Fighting Malthus’s prediction in the new millennium
“Famine seems to be the last, the most dreadful resource of nature. The power of population is so superior to the power of the earth to produce subsistence for man, that premature death must in some shape or other visit the human race.” 
Thomas Malthus, 1798
In 1798, English economist Thomas Malthus issued a dire prediction: that population growth would outpace growth in the food supply until starvation checked human populations. Mercifully, this forecast failed to pass. The Industrial Revolution’s increases in agricultural mechanization led to dramatic long-term growth in agricultural yields, enough to feed a growing population , . In the centuries preceding his statement, wheat yields in Malthus’s home country, Britain, grew very slowly. In the years following the Industrial Revolution, yield growth inflected sharply higher due to mechanized farming, powered by fossil fuels.
Those same fossil fuels are today driving climate change, contributing to extreme weather such as droughts, a grave threat to global food security [4, 5]. Longer-term, climate change also lowers agricultural yields. A 2011 Science article showed that corn yields declined 3.8% and wheat yields declined 5.5% between 1980 and 2008 due to climate change . The Intergovernmental Panel on Climate Change believes that climate-related crop yield declines of 10% to 25% will become more prevalent by 2049 .
The United Nations’ Food and Agriculture Organization (“FAO“) is today’s anti-Malthus, tasked with eliminating world hunger by 2030. FAO believes that “climate change threatens our ability to achieve global food security” . Per FAO, 815 million people were undernourished in 2016, up from 777 million in 2015 . Climate change may impoverish another 122 million by 2030 . This will primarily hurt those in developing countries, who in a sad irony have contributed the least to climate change, yet stand to lose the most . In order to eliminate hunger, climate change’s impact on the global food supply chain must therefore be addressed.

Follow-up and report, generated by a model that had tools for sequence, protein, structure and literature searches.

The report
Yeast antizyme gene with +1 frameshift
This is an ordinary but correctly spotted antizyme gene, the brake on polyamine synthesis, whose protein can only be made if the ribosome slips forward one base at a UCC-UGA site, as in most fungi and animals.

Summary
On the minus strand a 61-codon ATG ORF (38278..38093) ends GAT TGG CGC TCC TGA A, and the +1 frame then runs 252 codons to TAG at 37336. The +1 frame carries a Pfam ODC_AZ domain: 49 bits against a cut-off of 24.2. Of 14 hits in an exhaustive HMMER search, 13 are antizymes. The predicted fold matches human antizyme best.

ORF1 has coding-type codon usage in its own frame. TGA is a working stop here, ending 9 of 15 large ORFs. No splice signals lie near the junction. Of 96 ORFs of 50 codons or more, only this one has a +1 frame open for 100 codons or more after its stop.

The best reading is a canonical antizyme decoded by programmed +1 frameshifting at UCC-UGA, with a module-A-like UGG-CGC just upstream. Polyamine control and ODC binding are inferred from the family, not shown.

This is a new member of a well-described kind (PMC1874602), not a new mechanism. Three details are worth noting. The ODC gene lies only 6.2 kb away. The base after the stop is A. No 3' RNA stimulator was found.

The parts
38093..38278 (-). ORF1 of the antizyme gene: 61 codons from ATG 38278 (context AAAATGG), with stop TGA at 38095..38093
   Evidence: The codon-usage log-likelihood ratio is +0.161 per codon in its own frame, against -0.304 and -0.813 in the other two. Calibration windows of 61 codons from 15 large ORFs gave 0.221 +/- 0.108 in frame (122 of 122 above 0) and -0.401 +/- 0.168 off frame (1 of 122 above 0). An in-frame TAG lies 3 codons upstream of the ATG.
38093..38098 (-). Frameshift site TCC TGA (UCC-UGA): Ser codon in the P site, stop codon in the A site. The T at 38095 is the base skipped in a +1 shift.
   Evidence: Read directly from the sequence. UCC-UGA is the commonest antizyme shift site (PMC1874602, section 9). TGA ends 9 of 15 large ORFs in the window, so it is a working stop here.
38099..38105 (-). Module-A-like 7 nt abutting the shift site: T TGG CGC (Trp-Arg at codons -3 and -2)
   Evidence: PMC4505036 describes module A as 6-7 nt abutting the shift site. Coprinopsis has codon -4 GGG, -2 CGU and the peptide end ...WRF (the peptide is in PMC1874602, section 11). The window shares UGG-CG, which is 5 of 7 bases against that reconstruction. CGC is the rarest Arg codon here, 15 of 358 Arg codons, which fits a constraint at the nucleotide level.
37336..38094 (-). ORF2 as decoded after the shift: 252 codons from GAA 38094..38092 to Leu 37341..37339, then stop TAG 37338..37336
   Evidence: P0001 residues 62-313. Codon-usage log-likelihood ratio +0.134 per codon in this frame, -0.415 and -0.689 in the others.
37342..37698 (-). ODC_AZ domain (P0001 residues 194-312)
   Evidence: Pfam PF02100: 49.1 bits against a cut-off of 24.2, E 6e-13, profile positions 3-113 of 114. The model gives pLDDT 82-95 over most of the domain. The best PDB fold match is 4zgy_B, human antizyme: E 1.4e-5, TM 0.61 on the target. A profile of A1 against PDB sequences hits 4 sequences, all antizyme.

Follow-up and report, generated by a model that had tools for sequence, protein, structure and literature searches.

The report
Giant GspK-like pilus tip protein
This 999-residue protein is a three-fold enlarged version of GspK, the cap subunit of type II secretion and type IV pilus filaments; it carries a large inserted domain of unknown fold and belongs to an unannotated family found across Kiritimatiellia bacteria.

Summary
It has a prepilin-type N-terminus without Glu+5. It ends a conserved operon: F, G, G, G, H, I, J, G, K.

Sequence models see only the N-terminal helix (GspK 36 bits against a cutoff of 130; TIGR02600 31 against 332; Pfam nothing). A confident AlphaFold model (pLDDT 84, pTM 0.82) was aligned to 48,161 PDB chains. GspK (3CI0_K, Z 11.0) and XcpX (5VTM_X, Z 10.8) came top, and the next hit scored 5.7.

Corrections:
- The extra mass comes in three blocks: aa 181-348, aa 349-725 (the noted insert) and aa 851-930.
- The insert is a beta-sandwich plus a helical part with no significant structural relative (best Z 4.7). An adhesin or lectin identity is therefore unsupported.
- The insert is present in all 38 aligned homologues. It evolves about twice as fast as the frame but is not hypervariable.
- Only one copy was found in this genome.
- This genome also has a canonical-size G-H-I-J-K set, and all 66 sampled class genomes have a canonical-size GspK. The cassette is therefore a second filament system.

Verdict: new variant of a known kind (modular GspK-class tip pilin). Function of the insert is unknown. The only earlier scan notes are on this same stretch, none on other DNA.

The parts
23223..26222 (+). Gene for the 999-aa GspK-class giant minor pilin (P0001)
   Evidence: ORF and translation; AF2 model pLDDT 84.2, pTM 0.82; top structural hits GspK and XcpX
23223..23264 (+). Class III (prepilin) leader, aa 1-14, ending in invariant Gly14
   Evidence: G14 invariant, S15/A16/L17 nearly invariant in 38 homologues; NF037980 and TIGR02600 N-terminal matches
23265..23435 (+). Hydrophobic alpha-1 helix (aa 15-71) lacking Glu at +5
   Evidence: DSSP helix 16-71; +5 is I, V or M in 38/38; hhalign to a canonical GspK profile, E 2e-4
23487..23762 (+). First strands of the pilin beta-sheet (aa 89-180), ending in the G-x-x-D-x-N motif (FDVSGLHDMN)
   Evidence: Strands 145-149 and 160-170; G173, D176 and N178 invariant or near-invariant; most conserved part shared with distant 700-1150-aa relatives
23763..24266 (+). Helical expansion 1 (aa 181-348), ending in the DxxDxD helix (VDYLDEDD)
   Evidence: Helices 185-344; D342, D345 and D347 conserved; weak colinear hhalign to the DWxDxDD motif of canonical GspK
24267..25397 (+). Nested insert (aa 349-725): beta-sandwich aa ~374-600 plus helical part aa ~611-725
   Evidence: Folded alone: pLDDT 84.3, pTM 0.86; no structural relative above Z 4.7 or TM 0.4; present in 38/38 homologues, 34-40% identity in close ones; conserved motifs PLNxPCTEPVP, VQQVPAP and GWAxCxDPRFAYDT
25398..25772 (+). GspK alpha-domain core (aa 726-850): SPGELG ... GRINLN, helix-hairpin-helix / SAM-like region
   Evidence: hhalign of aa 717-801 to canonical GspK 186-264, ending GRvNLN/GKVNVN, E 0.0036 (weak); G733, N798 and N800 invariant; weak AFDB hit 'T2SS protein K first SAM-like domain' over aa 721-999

Feeding the hungry in a warming world
In the last two years, FAO has allocated $129mm to remediating climate change’s impact on food supply chains (25% of FAO’s overall budget) . Key to FAO’s work over the short term is Climate Smart Agriculture (“CSA”), a program designed to develop “technical, policy and investment conditions to achieve sustainable agricultural development for food security under climate change”. Examples of CSA work include a recent pilot in Tanzania training nearly 5,000 farmers on soil and water conservation and zero tillage farming . A similar pilot in Kenya reached over 4,500 farmers . FAO recently launched an ongoing CSA pilot in DR Congo in 2017, which will continue through 2020 . Similar ongoing programs exist in Asia, Latin America and the Caribbean .
Medium-term FAO projects include facilitating farmers’ access to financing, helping countries develop climate change and disaster readiness plans, and providing knowledge and training across the agricultural supply chain, all with the overall goal of eliminating world hunger by 2030. FAO is also expanding FAOSTAT, FAO’s online food and agriculture data platform [10, 16].
What else should FAO do?
Both local efforts to ameliorate hunger and global efforts to reduce emissions will be necessary if FAO is to truly eliminate hunger by 2030 and defeat Malthus’s prediction once and for all.
Short term, FAO must focus on building agricultural self-sufficiency within the context of a changing climate. Food aid should be used as a last resort to avoid unintentionally crowding out local farmers. The US foreign aid office (USAID) states that “the long-run [effects of food aid] may have significant negative impacts on developing the local markets…” . Training farmers is thus preferable. Given the success of early climate-adaptation training pilots such as those in Tanzania and Kenya [12, 13], these programs should be expanded.